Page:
Let me be honest here, I could “blah blah blah” about 3/4 of this book. Most of it really felt like it had little point. The entertaining sexual tension from MAF was gone, the “men” were all pussy whipped, and the story just drug on and on and on with nothing of consequence happening. Don’t get me started on the incredibly awkward intimate scenes. At one point I’m pretty sure Feyre was having a naked chat with Rhys with her legs up over his shoulder or something. Who does that? Uncomfortable and, again, awkward. When reading or watching a movie the target audience has to have their reality suspended and become immersed in the story line and characters for the book/film/whatever to be good. The addition of these painfully awkward scenes brings the audience back to themselves and thus the story is interrupted.
I also got the distinct impression that Maas threw in an LGBT character just because that seems like the thing to do right now. Don’t jump down my throat, let me explain. I love alternative sexualities and diverse cultures having inclusion in literature. In fact, there should be more of it. However, they need to be presented in a believable and appropriate manner. If you haven’t read the book yet I won’t ruin this part for you, but, it seemed to me that the author just tossed it in because it was “the thing” to do. It didn’t feel right for the character’s previous set up and story line. I was not on board. Good for you for including an LGBT character but credibility and believability are also important. Don’t just hop on the band wagon. And for God’s sake, don’t make them appear ashamed of their sexuality. Ridiculous and completely out of character. Okay, rant over.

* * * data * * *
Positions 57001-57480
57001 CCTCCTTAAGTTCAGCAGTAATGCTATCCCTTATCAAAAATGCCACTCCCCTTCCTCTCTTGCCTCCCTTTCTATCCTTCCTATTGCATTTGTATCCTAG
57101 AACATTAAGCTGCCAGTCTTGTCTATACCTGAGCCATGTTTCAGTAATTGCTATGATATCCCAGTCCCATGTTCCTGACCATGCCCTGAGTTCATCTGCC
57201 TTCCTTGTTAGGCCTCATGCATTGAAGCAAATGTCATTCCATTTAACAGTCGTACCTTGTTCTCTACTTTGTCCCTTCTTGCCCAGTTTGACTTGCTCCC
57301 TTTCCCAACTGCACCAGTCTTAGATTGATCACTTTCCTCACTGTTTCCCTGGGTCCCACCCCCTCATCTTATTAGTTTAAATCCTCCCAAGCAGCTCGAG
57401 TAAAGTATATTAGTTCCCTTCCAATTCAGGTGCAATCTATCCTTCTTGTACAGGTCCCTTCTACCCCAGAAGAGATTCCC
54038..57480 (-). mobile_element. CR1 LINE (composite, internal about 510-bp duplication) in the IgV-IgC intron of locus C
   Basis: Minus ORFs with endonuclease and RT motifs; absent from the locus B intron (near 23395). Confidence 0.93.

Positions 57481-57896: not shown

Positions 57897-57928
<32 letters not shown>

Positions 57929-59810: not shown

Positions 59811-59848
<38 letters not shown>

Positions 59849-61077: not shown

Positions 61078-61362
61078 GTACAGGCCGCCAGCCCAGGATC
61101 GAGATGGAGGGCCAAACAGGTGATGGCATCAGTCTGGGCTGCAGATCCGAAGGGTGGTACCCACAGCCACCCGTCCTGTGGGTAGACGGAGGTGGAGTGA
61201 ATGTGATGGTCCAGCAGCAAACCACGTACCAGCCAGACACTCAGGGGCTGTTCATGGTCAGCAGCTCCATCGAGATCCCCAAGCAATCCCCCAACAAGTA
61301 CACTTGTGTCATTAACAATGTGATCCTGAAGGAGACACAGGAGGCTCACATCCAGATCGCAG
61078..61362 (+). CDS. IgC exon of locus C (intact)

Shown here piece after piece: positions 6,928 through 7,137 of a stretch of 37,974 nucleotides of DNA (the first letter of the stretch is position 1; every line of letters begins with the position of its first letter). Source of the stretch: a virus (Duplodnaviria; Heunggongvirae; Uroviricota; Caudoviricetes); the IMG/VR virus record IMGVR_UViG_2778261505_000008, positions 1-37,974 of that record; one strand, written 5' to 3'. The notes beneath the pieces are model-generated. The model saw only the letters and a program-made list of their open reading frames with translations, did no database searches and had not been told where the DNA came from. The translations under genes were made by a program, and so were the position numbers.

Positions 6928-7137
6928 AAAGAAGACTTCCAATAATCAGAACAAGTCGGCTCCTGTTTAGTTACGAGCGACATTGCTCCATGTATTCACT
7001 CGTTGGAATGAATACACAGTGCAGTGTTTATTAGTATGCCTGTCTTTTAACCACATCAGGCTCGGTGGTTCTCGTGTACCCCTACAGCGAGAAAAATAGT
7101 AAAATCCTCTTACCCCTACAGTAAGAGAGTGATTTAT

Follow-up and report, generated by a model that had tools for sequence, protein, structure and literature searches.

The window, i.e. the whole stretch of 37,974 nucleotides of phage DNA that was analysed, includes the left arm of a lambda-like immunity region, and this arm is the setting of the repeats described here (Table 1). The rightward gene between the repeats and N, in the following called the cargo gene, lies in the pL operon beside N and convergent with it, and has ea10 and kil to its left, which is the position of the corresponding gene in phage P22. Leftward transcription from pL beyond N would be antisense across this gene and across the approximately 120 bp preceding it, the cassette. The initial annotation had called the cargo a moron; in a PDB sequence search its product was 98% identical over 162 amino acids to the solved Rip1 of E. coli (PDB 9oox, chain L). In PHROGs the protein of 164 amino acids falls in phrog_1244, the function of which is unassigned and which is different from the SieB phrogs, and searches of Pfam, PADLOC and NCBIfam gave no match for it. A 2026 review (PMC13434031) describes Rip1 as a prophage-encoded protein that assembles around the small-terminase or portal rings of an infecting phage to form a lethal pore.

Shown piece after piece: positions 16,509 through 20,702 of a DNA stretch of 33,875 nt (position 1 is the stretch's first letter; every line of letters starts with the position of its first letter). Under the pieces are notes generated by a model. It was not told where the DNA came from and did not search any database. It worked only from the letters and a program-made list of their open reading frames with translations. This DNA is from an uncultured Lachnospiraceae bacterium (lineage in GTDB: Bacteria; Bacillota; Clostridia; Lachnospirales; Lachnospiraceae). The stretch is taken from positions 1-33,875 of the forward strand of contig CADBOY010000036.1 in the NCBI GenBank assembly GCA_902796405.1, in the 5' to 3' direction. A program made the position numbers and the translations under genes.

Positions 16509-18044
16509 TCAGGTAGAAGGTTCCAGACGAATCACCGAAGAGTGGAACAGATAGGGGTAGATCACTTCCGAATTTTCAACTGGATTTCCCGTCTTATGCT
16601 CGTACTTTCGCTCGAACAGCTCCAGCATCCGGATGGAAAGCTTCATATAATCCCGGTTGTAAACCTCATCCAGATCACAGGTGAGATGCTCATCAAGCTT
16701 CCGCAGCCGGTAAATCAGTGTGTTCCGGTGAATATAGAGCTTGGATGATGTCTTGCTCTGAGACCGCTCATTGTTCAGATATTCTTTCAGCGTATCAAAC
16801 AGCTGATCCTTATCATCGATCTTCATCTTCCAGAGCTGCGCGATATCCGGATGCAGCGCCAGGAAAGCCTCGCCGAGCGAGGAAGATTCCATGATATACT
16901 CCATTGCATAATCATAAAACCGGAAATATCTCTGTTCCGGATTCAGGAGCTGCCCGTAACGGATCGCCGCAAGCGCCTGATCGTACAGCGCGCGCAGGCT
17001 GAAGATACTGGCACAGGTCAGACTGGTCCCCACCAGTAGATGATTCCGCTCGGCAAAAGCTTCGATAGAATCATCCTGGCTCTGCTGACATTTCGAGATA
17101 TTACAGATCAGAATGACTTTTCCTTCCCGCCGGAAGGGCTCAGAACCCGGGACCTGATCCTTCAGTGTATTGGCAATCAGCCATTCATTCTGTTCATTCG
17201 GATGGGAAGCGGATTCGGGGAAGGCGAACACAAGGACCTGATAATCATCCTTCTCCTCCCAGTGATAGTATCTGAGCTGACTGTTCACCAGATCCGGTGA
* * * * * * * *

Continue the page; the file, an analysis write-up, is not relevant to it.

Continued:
“It is a new world, and we must decide how we are to end this old one and begin it anew.”
The final battle in this book is something I think fans have all been looking forward to. The big tete-a-tete with the evil Hybern when the world of man and Fae will either be saved or doomed. I’m not going to get too far into this because it was the absolute best part of the book. However (I told you there would be a lot of howevers) this was also a bit of a let down. It goes back to the suspension of belief in your own reality in order to be immersed in the presented reality. Once more, it just didn’t work. Sure, the battle was interesting and it was quite honestly the only part of the book I truly enjoyed but it did not live up to the expectations set by TAR and MAF. Everything was too convenient, too easy. This was supposed to be the be-all-end-all fight to the death and it just didn’t have the pizzazz for that. Parts that could have been truly interesting were cut painfully short while we go back to the expected and dull “I don’t want (insert name here) to die because I love them so!” BORING.
This is legitimately the longest review I have ever written and thank you all for sticking with me through it. I wish I could say that I loved this book and it was everything I expected it to be. I wanted to adore it. I was prepared to worship this book for years and re-read it time and again. Sadly, I’ll probably never pick it up again. Maybe my opinions on this book aren’t popular, I don’t know, but there they are just the same. A Court of Wings and Ruin, you let me down.